Date of Award

12-2017

Culminating Project Type

Dissertation

Degree Name

Educational Administration and Leadership, K-12: Ed.D.

Department

Educational Administration and Higher Education

College

School of Education

First Advisor

Kay Worner

Second Advisor

Roger Worner

Third Advisor

John Eller

Fourth Advisor

James Johnson

Creative Commons License

Creative Commons License
This work is licensed under a Creative Commons Attribution-Noncommercial-No Derivative Works 4.0 License.

Keywords and Subject Headings

professional learning communities, collaboration, teachers' perceptions

Abstract

The focus of this research is in the area of professional learning community (PLC) implementation in public elementary schools in central Minnesota. Such a study is important in order to ascertain the perceptions of elementary teachers in the successful implementation of PLCs in their schools. While there is research describing the perceptions of school district administrators in actualizing professional learning communities in their districts, there was no research found describing the perceptions of public elementary school teachers in central Minnesota regarding their participation in PLCs. The research approach adopted in this dissertation included a quantitative study utilizing an online survey to gather teachers’ perceptions related to the five essential characteristics of professional learning communities identified by Shirley Hord. Data were analyzed to determine areas of strengths and weaknesses in implementation, along with comparisons of the teachers’ perceptions between smaller and larger school districts.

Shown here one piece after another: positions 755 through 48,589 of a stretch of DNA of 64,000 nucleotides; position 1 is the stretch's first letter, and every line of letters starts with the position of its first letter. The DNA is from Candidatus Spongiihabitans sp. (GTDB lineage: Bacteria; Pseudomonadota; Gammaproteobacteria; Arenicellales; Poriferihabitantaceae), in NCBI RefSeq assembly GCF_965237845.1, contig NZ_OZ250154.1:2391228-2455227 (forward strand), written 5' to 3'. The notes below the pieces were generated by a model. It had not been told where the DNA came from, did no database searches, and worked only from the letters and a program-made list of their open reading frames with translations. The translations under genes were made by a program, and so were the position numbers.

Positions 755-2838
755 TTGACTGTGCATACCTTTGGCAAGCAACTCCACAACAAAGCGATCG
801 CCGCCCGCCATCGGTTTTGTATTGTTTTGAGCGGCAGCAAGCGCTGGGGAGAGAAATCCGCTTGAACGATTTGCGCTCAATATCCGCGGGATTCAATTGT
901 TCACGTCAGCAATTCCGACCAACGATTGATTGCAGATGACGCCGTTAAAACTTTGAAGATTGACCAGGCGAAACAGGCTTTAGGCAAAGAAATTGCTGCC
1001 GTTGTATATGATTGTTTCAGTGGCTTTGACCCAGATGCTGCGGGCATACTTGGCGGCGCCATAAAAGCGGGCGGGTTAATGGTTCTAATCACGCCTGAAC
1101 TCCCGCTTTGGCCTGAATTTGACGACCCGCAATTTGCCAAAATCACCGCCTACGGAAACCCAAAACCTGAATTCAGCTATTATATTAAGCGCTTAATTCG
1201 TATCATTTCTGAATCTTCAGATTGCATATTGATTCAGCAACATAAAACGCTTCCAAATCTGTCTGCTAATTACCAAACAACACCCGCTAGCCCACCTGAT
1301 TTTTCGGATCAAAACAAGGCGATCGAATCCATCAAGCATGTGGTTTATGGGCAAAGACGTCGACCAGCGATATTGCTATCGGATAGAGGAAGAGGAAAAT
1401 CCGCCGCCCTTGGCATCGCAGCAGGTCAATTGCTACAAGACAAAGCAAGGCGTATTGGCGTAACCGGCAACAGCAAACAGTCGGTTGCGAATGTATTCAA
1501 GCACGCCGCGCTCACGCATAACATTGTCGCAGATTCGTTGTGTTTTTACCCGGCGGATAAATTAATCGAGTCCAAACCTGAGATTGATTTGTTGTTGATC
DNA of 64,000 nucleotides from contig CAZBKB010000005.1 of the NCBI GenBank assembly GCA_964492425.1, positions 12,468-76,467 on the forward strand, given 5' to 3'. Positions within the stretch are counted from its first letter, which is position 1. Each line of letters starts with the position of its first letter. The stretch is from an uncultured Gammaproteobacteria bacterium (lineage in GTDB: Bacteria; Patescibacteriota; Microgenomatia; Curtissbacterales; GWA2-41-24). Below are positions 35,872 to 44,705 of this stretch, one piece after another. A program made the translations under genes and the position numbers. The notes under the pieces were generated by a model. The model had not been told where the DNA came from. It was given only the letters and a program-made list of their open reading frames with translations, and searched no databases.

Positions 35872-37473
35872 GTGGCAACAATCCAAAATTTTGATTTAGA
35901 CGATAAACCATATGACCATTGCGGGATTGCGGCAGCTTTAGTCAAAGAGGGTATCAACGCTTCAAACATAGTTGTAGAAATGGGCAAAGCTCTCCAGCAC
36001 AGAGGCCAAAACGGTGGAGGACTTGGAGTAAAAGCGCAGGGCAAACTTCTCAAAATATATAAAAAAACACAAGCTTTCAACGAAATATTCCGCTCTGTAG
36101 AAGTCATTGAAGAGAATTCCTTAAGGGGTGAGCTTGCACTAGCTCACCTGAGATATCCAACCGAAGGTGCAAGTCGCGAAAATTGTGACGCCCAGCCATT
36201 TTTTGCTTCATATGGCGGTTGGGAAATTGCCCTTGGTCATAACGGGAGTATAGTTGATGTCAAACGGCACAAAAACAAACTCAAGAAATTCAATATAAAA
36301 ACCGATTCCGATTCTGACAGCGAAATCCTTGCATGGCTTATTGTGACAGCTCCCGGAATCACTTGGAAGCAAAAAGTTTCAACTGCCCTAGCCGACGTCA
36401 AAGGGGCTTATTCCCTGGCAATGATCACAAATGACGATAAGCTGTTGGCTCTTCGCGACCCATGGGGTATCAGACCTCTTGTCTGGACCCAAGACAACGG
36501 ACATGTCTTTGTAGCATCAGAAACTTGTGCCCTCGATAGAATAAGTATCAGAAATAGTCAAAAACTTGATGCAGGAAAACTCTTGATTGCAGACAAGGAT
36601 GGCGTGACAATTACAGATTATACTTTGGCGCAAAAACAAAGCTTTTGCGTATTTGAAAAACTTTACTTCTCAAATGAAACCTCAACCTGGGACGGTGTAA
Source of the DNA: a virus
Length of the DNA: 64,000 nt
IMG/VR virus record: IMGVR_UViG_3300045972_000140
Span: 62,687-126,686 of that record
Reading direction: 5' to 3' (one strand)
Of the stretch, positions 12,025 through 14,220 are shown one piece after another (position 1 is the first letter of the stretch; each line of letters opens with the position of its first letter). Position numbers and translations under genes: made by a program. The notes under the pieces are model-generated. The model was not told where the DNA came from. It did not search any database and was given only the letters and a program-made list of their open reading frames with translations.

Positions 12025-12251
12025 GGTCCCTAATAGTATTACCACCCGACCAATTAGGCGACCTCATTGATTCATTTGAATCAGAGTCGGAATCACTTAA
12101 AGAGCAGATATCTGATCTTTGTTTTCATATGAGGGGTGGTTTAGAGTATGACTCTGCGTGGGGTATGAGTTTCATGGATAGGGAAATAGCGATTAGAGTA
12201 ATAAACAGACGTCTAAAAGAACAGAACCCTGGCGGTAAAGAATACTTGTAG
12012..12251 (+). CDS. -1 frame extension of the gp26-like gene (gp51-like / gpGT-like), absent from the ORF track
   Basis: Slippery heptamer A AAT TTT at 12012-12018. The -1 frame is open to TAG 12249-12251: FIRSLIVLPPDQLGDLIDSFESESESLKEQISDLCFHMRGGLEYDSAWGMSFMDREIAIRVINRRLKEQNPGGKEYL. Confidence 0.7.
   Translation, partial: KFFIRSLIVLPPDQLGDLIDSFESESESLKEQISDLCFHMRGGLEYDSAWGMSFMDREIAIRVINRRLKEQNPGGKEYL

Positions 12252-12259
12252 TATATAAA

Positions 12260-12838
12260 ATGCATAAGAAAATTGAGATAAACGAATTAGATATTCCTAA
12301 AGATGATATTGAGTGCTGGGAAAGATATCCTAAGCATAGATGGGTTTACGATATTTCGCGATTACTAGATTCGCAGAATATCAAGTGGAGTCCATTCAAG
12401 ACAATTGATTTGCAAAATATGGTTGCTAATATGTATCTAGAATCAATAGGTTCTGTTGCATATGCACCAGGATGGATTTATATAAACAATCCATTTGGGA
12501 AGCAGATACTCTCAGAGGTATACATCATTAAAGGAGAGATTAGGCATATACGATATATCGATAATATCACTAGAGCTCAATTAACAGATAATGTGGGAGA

The findings from this research provide evidence that teachers’ perceptions identified definite strengths with the implementation of PLCs in their districts. All survey statements were rated by the teacher participants in the above average range as evident in their school districts. The characteristics of “collective learning and application” and “shared values and vision” received the highest proportion of ratings by the teachers in the study indicating the presence of those characteristics. The characteristics of “shared and supportive leadership” and “supportive conditions (structures)” were rated as less evident in their respective schools. Statements with statistically significant differences were reported in the area of opportunities for peer observations and feedback, as well as, time for collaboration with peers. The study provides administrators with a snapshot of strengths and weaknesses which may lie in current implementation models. It may provide insight into where future efforts involving professional learning communities should be concentrated.

Keywords: professional learning communities, learning communities, PLCs, collaboration, professional development, capacity building, educational reform, school effectiveness, teacher perceptions, plc assessment, and PLCA-R

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